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Membrane

There's nothing quite as refreshing as a glass of beer on a hot day and nothing more disgusting than discovering that the beer has gone off in the bottle, leaving a sour, cloudy mess. To save innocent palates and Sunday barbecues, the Fraunhofer Institute is developing a new polymer powder that can quickly detect pathogens in beer before they can ruin the brew. Read More

The Cougar 500K gaming keyboard may look a lot like the company’s high-end, mechanical 700K offering, but it actually makes use of lower-cost membrane tech. However, this won’t impact functionality as you might expect, with the 500K offering full N-Key Rollover – also known as anti-ghosting. Read More

A new study conducted at MIT has examined the potential of pressure-retarded osmosis (PRO), a technique that generates electricity from the difference in salinity between two pools of water separated by a membrane. According to the researchers, tweaking the size of the membrane could help generate electricity much more cheaply than ever before. Read More
Transcranial direct current stimulation (tDCS) has become a widely used technique for reaching into a person's brain and altering the way in which it functions. Vanderbilt psychology Professor Geoffrey Woodman and graduate student Robert Reinhart have just published the results of a new study in the Journal of Neuroscience in which they found that tDCS stimulation of the mediofrontal cortex for a period of minutes can change one's ability to recognize and learn from error for a period of several hours. Read More
In November 2009, Norwegian state owned electricity company Statkraft opened the world’s first osmotic power plant prototype, which generates electricity from the difference in the salt concentration between river water and sea water. While osmotic power is a clean, renewable energy source, its commercial use has been limited due to the low generating capacities offered by current technology – the Statkraft plant, for example, has a capacity of about 4 kW. Now researchers have discovered a new way to harness osmotic power that they claim would enable a 1 m2 (10.7 sq. ft.) membrane to have the same 4 kW capacity as the entire Statkraft plant. Read More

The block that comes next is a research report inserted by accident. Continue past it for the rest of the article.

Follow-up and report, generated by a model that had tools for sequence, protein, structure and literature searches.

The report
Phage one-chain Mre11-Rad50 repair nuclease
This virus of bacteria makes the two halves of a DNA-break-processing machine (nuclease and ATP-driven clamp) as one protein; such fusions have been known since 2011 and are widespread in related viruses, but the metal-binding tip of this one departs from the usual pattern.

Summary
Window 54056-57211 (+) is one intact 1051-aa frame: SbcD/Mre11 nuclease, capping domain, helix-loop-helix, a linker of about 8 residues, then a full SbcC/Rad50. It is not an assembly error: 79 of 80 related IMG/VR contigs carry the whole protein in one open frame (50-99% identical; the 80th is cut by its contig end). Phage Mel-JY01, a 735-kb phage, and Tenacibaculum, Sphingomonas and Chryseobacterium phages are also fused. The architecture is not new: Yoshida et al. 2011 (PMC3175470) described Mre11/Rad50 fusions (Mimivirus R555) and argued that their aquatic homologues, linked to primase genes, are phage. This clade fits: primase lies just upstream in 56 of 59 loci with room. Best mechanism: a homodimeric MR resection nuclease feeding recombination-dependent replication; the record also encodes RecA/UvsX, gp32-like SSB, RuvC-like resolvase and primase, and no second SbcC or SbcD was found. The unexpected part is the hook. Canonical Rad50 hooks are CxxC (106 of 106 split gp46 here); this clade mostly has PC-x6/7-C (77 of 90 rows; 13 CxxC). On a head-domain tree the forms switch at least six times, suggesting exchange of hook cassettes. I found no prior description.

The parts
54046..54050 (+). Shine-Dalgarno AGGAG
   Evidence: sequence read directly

Old inkjet printers are an important tool for bioprinting. Recently, researchers from Clemson University discovered that inkjet bioprinting disrupts the membranes of the cells being printed, leaving them open to having proteins inserted ... and opening up new avenues of research in the field. Read More

The cell membrane is one of the most important characteristics of a cell because it separates the interior of all cells from the extracellular environment and controls the movement of substances in and out of the cell. In a move that brings mankind another step closer to being able to create artificial life forms from scratch, chemists from the University of California, San Diego (UCSD), and Harvard University have created artificial self-assembling cell membranes using a novel chemical reaction. The chemists hope their creation will help shed light on the origins of life. Read More
Ever since University of Manchester scientists Andre Geim and Konstantin Novoselov first isolated flakes of graphene in 2004 using that most high-tech pieces of equipment - adhesive tape - the one-atom sheet of carbon has continued to astound researchers with its remarkable properties. Now Professor Sir Andre Geim, (he's now not only a Nobel Prize winner but also a Knight Bachelor), has led a team that has added superpermeability with respect to water to graphene's ever lengthening list of extraordinary characteristics. Read More
Researchers from the National University of Singapore’s Nanoscience and Nanotechnology Initiative (NUSNNI) have created what they claim is the world’s first energy-storage membrane. Not only is the material soft and foldable, but it doesn’t incorporate liquid electrolytes that can spill out if it’s damaged, it's more cost-effective than capacitors or traditional batteries, and it's reportedly capable of storing more energy. Read More
Atlantis may have taken off on the last ever space shuttle mission last week but that doesn’t mean it has finished racking up firsts. Along with ferrying its last batch of supplies to the International Space Station (ISS), Atlantis is also carrying a urine recycling system that is designed to convert astronaut’s urine into a sports drink. The Forward Osmosis Bag (FOB) system will reportedly be tested by one of the four-man crew towards the end of the shuttle’s 12-day mission. Read More
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